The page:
Disney appears to be capitalizing on its monopoly over Star Wars and Marvel Studios content, with several different shows and specials to be released, all exclusive to Disney +. The LA Times’ list includes:
- Marvel’s What If…?
- The Falcon and the Winter Soldier
- Moon Knight
- Star Wars: The Clone Wars: Season 7
- Untitled Cassian Andor Series
- Untitled Obi-Wan Kenobi Series
The LA Times’ full list of currently released and to be released content can be found here.
Disney + seems to be sailing strong for its first year, and despite a few hiccups and bugs, it remains a potent competitor in the world of streaming services, another corporation competing for viewers’ money.
My Experience with Disney +
When I first opened Disney +, I was warmly greeted with a screen I found familiar, using a similar setup to Netflix; for each Disney + account, family members and friends can create different users within the account, to save their own shows and add parental restrictions for children. Users are customizable using names and profile pictures, with selections from Rapunzel from Frozen to 'Baby Yoda' from the Disney + original series The Mandalorian. I scrolled through the choices, settling on Elsa from Frozen.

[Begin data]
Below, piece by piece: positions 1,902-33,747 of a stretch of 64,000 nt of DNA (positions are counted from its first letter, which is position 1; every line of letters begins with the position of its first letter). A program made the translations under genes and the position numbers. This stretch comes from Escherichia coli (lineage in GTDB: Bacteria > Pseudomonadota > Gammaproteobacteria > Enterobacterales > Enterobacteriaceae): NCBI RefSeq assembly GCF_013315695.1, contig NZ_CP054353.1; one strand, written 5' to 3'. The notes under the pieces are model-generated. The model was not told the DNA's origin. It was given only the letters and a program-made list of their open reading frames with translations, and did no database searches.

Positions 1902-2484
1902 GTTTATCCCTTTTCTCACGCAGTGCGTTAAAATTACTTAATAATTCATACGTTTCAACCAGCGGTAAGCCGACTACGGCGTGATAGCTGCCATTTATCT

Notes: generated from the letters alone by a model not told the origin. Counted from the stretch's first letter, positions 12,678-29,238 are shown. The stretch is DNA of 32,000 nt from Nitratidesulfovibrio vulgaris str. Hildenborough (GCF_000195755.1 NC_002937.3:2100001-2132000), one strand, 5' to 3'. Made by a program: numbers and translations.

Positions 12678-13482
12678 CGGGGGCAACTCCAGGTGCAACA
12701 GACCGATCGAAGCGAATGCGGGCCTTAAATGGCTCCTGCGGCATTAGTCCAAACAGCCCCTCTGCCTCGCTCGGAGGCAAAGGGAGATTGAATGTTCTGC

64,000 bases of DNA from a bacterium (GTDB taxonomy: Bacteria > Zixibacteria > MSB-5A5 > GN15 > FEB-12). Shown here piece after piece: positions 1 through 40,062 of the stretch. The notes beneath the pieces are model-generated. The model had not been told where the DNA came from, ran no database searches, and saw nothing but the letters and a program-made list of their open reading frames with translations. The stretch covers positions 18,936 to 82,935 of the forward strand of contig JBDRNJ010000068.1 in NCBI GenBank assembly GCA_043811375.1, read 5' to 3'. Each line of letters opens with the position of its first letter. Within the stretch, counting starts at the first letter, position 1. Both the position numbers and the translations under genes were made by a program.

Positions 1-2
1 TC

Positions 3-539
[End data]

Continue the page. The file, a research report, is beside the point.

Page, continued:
Then, content with my choice, I clicked, 'create profile,' and continued. Once I selected my user, I was able to scroll through a diverse mix of movies and shows on demand. Common recommendations (at least for me) are the Star Wars franchise, Marvel Studios, and the Avatar. Among these are tabs for Trending content and Hit Movies, while yet more content is separated by genre; Documentaries, Action and Adventure, and Throwbacks, to name a few. It contains the same diversity in the content you would see in any other service and is readily accessible to viewers.
I personally think Disney +'s video playing system is generally good, containing functions similar to Netflix and YouTube. There are "play next episode" and "skip intro" functions, and everything else you would expect from an online streaming service. It also has Netflix's "download" function, giving viewers access to Disney content while offline, and I've found that this function comes especially helpful on long road trips and airplane rides. Of course, there’s nothing very special about these functions - most premium streaming services come with these as a baseline these days.